This week’s challenge is to say thank you every single day. Because different people in our lives are bound to speak a variety of “love languages”, it’s a good idea to practice how to say thank you (as well as I love you and I’m sorry) in a variety of ways.
I’ve written before about the 5 love languages people use to communicate with each other. A “love language” is the type of communication a person tends to understand most easily, and may include:
- Words of Affirmation
- Quality Time
- Receiving Gifts
- Acts of Service
- Physical Touch
Our love language is the communication that we get, and it tends to be the one we use most often when we’re trying to send a message to someone else. Of course, if that person is more fluent in a different language, our true intent might get lost in translation.
Saying Thank You with Words of Affirmation
This is my native tongue. The more words you use, the more connected I feel. The best way to make someone like me feel appreciated is to open your mouth and say, “thank you.” You can also:
- Write a letter or email
- Send a text
- Post to my Facebook wall
It doesn’t matter where you say it, but what you say will have a big impact. Say thank you and tell me why you’re thanking me – and you’ll make my day.
Saying Thank You with Quality Time
This is how my mom communicates. The best way to thank someone like her is to spend an afternoon hanging out on her deck with her. Other ways to show gratitude she’ll get include:
- Making a phone call
- Sharing a meal
- Going for a drive or walk together
My mom is a cheap date, but letting her know she matters requires a little investment of time.
Saying Thank You with Gifts
I suspect my friend Megan speaks this language well, because she often sends little gifts to let me know I’m loved. Of course the most obvious way to show my gratitude is to return the favor, but that doesn’t mean saying thank you has to cost a fortune. Some inexpensive thank you gifts this week could be:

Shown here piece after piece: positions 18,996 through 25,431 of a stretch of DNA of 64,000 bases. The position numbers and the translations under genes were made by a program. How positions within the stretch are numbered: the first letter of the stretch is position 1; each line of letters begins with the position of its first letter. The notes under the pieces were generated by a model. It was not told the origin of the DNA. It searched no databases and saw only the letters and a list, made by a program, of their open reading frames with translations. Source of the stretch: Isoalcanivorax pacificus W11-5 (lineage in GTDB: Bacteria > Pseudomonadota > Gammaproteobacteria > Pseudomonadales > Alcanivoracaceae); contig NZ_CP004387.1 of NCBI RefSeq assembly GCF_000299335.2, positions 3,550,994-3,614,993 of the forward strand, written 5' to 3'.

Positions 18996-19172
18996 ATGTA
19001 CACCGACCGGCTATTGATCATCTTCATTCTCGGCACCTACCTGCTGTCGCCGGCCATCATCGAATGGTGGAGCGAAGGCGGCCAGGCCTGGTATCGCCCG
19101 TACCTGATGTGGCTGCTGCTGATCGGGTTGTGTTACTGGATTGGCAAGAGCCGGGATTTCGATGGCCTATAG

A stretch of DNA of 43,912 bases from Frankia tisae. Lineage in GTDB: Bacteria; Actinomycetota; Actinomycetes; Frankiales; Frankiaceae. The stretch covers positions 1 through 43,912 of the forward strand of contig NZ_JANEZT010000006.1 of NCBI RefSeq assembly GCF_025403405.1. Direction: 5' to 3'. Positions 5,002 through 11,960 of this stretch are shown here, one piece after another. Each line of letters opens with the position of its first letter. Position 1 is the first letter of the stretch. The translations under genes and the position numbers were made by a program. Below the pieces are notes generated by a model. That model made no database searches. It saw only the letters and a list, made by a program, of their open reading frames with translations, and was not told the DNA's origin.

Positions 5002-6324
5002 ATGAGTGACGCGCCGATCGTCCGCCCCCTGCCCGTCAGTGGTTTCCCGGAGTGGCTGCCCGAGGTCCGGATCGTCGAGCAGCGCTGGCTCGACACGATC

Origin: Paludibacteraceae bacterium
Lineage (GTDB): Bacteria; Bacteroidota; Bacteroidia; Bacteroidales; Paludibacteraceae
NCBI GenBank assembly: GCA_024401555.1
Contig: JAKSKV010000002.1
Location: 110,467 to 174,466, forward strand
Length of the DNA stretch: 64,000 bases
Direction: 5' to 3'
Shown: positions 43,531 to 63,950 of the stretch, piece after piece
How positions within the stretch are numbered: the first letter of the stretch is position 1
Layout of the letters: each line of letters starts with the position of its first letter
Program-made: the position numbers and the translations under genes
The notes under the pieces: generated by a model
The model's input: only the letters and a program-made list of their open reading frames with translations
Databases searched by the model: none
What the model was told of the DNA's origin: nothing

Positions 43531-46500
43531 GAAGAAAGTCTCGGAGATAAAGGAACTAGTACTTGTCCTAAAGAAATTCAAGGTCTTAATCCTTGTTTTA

- An ebook you know they’d enjoy
- A song or movie rental on iTunes for a title that makes you think of them
- A fridge magnet made from a picture of the two of you
It’s not the dollar amount that speaks the loudest, but the thought and effort.
Saying Thank You with Acts of Service
This is the language my mother-in-law speaks most easily. She does because she loves. What does she do? She cooks, she cleans, she babysits, and she picks up clothes in your size at garage sales. Saying thank you to someone who doesn’t say much can be tricky. You might try:
- Cooking dinner
- Doing a household chore
- Offering up your work for free (logo design, photo editing, whatever it is you do and normally charge for)
They key for these non-verbal thank yous is to mix the act with a few words that make it clear that you are, in fact, grateful – especially if you’re unsaying thank you for something in particular.
Saying Thank You with Physical Touch
This is Jared’s language. The easiest way to turn his frown upside is to touch him – or let him touch me. Ahem. A few family-friendly ways to thank someone like my husband might include:
- A hug
- A squeeze of the hand
- A good handshake
A handshake might sound lame if you’re not a touchy person, but watch one exchanged between two men who have a lot of respect for one another and you’ll understand that it can mean more than, “hello, my name is…”
What’s your favorite way to say thank you? How are you planning to say thank you this week?